So, getting back to the topic. The next magazine I was infatuated with was MAD. And this was the first magazine I could actually afford to buy and own. And as it happens I have miraculously kept a few from that period.

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The one on the right is actually my friend Simon’s. I will return it to him one day!

The next magazine addiction I had was “SMASH HITS“.

It was so cheap and printed on such shitty paper that the posters I clipped out would disintegrate within weeks after I blu-tacked them to my wall – but I didn’t know better. I also started my first scrap-book around this time where I cut out stories about my favourite bands or hot rock n roll babes like Martika or Colette that I fancied.

When I was a bit more “mature” I suddenly started buying Rolling Stone.

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I am not sure if this is the first issue I bought, but it seems to be the oldest I have kept. In the story Axl talks about how he can remember being born. Even at 15 I was like, “Wha?”

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After that it was guitar magazines. These were the first “specialty” magazines I ever bought. They were tough reading. It seemed you needed a lot of technical knowledge, a degree in musicology and know how to play Stairway to Heaven behind your head like Jimi Hendrix just to comprehend a few pages. It was more data than art, more technical-manual than stuff you read while taking a bog, but I got used to that. And they also had these “Tabs” so I could learn all my favourite rock songs.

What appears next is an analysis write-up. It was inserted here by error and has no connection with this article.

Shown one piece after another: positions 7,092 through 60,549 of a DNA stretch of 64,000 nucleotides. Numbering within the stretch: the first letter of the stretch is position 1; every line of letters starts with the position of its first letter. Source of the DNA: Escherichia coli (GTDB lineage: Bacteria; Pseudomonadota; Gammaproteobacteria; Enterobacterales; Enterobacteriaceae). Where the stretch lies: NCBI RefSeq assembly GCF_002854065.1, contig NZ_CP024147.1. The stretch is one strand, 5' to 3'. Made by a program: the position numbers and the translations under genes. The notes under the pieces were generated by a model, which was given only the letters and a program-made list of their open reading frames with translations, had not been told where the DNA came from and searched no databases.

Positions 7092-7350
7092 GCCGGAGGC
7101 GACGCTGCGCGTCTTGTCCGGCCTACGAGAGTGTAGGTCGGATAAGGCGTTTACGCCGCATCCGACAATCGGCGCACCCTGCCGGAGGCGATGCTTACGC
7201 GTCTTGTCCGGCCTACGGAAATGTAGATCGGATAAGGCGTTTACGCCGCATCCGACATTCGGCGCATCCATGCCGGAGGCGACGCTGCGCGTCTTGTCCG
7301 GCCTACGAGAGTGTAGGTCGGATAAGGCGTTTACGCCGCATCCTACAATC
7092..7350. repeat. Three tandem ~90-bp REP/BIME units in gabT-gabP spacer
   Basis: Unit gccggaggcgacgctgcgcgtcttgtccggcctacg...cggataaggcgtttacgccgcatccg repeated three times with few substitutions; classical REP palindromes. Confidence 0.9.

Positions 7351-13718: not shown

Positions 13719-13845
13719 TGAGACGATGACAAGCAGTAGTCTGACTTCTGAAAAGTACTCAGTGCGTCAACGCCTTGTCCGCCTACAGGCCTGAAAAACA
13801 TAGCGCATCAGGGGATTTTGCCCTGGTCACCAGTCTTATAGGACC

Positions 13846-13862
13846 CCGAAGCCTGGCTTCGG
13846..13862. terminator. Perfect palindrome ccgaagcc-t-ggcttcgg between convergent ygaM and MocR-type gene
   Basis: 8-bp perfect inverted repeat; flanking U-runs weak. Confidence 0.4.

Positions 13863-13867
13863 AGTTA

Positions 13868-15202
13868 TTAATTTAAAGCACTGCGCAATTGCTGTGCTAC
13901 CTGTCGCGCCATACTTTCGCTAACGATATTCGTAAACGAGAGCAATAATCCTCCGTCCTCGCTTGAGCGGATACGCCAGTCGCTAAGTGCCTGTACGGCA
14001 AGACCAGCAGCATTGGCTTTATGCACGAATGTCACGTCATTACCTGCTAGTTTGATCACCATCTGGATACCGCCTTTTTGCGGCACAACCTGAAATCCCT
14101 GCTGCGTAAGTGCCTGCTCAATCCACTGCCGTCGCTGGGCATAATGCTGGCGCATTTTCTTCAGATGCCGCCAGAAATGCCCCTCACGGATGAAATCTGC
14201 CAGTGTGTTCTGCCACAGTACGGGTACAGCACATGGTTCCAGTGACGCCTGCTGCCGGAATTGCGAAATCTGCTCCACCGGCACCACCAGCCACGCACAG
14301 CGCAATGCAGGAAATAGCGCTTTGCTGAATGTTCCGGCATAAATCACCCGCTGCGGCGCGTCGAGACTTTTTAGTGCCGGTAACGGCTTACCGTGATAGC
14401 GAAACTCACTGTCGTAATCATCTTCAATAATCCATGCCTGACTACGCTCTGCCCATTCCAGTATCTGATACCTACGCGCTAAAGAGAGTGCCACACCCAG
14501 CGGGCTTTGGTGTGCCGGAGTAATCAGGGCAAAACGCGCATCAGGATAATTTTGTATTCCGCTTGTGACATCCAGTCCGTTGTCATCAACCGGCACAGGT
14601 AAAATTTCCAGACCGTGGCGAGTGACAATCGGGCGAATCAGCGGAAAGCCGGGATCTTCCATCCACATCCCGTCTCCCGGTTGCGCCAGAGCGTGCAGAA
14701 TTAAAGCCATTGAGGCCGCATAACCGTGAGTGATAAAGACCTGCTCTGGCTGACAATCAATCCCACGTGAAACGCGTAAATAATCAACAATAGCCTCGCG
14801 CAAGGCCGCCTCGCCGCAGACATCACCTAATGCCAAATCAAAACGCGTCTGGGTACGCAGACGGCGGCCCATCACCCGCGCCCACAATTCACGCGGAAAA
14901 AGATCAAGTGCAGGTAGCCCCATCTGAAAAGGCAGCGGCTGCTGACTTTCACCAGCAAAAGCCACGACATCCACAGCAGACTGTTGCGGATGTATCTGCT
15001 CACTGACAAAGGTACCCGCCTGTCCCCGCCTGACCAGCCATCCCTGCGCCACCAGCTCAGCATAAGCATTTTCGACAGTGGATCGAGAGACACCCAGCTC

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When Kurt died I discovered all the British press and was quite impressed by the sense of humour and detail and willingness to do stuff that took the piss out of rock stars, but then just go so freakishly deep into telling the story. Like, they would devote whole magazines to the Beatles. And I had read at least 10 Beatles bios, but reading a MOJO or Q special, it was just utterly refreshing and like I was learning about them all over again. (I am a really, really big Beatles fan btw – I don’t think I’ve mentioned that here yet.)

This started a period of my life where I would religiously buy music magazines. Here are some random examples: (Plus a view of my feet).Image